College is unlikely to get an easy ride with its proposed changes to security and reception arrangements, with serious concerns being expressed by staff and students alike.
Live! has been out and about, asking people for their views. The concerns were put to the head of security, Ceri Davies, who has provided responses.
Concern: Among those asked for comment, improvements to security were generally supported, however not at the expense of freedom of movement. The effect on collaboration was the number one concern. Running to and from turnstiles to let colleagues into and out of a building was also not seen as a productive use of time.
Response: While all buildings will be on swipe access 24 hours a day, security have no objection to allowing staff and students access to all buildings during normal hours. However, the decision of who gets access to a building rests with the inhabitants of that building - Ben Harris, Deputy President (Education & Welfare), will be contacting the relevant parties.
Turnstiles are currently only planned for the perimeter: entrances on Queen's Gate and Prince Consort Road are expected to receive turnstiles by January. Internal turnstiles will be considered as buildings are refurbished.
External visitors will not all have to visit the main entrance - infrequent visitors may enter buildings accompanied by their hosts. Regular visitors will be issued with access cards, following the approval of the relevant head of department.
Faculty Union Offices
Concern: While academic collaboration is less of an issue at undergraduate level, faculty union offices face similar issues. Every engineering student would need access to Mechanical Engineering to visit the C&G office, with a similar problem for the RCSU. Additionally, shared keys are currently held at reception desks along with their key lists.
Response: The decision again rests with the inhabitants of the buildings in question. Shared keys will move to the security reception in Sherfield, or to to the main reception in Tanaka (whichever is more convenient). Swipe access to faculty union offices is to be discussed, in place of shared keys.
Freshers and Open Days
Concern: Freshers spend most of their first week without swipe cards, but are typically required to be in their departments from the first morning to register. Shortly afterwards interviews and open days begin, with members of the public arriving during the afternoon almost every Wednesday. "Special arrangements" are to be made for occasions when large numbers of visitors arrive, however an influx of visitors is a frequent occurence.
Response: Extra security staff will be brought in during freshers week and for open days, with turnstiles and security doors disabled. A similar system will operate for conferences, with conference receptionists being on hand.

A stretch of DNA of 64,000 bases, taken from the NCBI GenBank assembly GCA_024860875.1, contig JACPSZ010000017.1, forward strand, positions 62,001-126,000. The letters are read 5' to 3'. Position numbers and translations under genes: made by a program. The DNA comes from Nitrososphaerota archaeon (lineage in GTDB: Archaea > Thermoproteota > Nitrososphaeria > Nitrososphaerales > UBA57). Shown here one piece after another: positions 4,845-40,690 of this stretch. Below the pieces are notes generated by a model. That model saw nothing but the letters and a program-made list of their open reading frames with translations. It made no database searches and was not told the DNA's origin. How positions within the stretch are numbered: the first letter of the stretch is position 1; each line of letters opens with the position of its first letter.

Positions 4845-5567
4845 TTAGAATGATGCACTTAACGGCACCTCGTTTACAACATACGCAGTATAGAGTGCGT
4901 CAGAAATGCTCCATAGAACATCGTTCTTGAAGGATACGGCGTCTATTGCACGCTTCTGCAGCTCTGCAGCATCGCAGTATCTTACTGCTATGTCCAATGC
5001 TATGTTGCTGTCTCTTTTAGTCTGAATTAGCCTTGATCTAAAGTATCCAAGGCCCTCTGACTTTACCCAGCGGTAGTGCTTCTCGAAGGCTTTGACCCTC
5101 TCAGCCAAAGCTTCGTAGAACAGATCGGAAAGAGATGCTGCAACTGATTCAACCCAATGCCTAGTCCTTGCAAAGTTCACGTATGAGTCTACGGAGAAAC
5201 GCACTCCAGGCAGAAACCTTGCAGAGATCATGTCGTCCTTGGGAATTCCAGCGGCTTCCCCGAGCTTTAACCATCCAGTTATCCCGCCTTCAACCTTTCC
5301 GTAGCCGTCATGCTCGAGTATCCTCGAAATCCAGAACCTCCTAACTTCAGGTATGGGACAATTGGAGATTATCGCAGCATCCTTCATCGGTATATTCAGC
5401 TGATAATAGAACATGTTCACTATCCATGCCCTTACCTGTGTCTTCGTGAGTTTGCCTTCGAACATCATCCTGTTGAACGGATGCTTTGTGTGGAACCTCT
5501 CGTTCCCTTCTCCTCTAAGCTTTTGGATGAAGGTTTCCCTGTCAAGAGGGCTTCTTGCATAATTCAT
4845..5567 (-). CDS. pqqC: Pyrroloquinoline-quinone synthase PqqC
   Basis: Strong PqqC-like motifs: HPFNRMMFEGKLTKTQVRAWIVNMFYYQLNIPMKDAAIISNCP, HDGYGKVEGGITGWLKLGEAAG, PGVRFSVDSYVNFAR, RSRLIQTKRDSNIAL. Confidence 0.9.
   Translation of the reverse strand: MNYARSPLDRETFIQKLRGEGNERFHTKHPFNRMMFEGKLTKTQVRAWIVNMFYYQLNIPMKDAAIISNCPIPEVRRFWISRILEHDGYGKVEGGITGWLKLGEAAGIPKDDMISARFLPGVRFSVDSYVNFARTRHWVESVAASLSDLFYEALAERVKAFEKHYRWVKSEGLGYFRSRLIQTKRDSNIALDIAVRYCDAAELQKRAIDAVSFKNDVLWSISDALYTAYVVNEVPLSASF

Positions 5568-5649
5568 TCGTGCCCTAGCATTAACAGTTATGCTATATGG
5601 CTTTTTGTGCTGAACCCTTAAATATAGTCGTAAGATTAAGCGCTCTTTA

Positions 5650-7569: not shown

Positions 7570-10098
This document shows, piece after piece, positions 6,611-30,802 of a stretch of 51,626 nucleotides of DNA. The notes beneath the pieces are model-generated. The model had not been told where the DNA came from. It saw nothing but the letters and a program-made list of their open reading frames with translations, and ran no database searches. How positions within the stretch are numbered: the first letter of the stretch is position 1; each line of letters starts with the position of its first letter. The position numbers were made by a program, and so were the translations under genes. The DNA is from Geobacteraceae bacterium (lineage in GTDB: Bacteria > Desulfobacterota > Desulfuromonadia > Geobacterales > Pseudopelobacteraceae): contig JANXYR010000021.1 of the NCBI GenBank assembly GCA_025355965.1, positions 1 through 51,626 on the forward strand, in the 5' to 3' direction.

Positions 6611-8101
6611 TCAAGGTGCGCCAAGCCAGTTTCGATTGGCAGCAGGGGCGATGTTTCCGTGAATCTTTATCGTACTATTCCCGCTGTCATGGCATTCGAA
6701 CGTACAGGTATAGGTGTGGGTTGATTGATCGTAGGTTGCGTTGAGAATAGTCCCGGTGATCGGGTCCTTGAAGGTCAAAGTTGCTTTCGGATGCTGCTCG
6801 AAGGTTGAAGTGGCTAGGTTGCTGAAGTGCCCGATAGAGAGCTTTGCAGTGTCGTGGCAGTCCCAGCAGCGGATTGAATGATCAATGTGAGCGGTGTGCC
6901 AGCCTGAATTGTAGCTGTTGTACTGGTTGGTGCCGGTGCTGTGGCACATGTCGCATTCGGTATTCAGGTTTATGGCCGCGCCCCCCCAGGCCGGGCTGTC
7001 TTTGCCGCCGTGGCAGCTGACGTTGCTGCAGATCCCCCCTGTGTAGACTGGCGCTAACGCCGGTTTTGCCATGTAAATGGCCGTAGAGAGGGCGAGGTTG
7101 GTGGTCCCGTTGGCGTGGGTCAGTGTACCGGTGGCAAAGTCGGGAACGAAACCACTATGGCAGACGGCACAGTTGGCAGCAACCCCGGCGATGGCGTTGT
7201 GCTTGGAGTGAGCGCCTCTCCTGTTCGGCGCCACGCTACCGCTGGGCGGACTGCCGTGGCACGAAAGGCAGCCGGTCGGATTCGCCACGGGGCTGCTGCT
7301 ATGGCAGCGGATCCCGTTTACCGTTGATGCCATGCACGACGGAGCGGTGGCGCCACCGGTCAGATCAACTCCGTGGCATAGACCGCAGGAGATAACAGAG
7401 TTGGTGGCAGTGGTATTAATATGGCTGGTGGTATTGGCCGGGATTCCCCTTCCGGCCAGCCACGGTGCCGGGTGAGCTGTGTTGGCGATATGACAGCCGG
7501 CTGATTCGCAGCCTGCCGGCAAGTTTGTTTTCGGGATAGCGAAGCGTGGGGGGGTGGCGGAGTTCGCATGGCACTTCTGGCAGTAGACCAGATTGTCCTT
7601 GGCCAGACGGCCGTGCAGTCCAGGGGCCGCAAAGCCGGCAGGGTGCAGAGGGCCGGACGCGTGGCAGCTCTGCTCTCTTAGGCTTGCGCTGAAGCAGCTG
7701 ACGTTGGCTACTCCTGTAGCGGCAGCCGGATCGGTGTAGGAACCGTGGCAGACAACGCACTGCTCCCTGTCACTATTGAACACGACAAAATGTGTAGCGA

Concern: Between lectures, at lunchtime and after exams hundreds of students enter and exit buildings across the campus within a ten-minute window. It seems likely that congestion will follow with only a few turnstiles per entrance.
Response: The turnstile system is efficient. Proximity readers, as opposed to magnetic readers, allow a rapid flow of people through the doors. In the event of a fire alarm the turnstiles swing out of the way, allowing unempeded exit from the building.
Concern: Reception staff learn the "normal" behaviour of occupants of their buildings and can determine if something or someone is out of place. They also provide (in theory, at least) a known presence to seek out in case of an emergency. This central contact would be lost, reducing safety on campus, potentially increasing response times to any emergency. With turnstiles in place, people can simply jump over them. Additional CCTV helps, however someone must be looking at the correct screen at the correct time - a security team could still be several minutes away.
Response: Reception staff currently undertake many duties, including delivering and sorting post. They are not always present to identify out-of-place behaviour. The turnstile system has an alarm to automatically notify security of anyone jumping over turnstiles, with CCTV allowing security to search for the person in question.
Plans to shut Imperial College Road as a public right of way and place turnstiles at entrances were deeply unpopular on image grounds, as they would present a cold and unfriendly image to local residents and visitors. One postgrad described the plans as "completely the wrong impression to give to everyone, internal and external", making the point that "this is a university, not a prison".
The extent of the negative image was demonstrated by a comment from one Aeronautics student, who felt turnstiles were like "those 20p toilets at train stations".
Shutting Imperial College Road and placing turnstiles on entrance roads is currently being discussed by College, however is a very long way off. Two separate London Boroughs must agree, providing two opportunities for local residents to object.
This reporter believes that the best way to enhance security is to have a good relationship between reception staff, security staff and members of the College. This includes undergraduates, who often report being on the wrong end of a bad attitude from some members of security staff. They also happen to be on campus in great numbers, with a good idea of who should be in their department and who should not.
Open communication, education on security issues and a good co-operative environment are the keys to security, not just locking all the doors.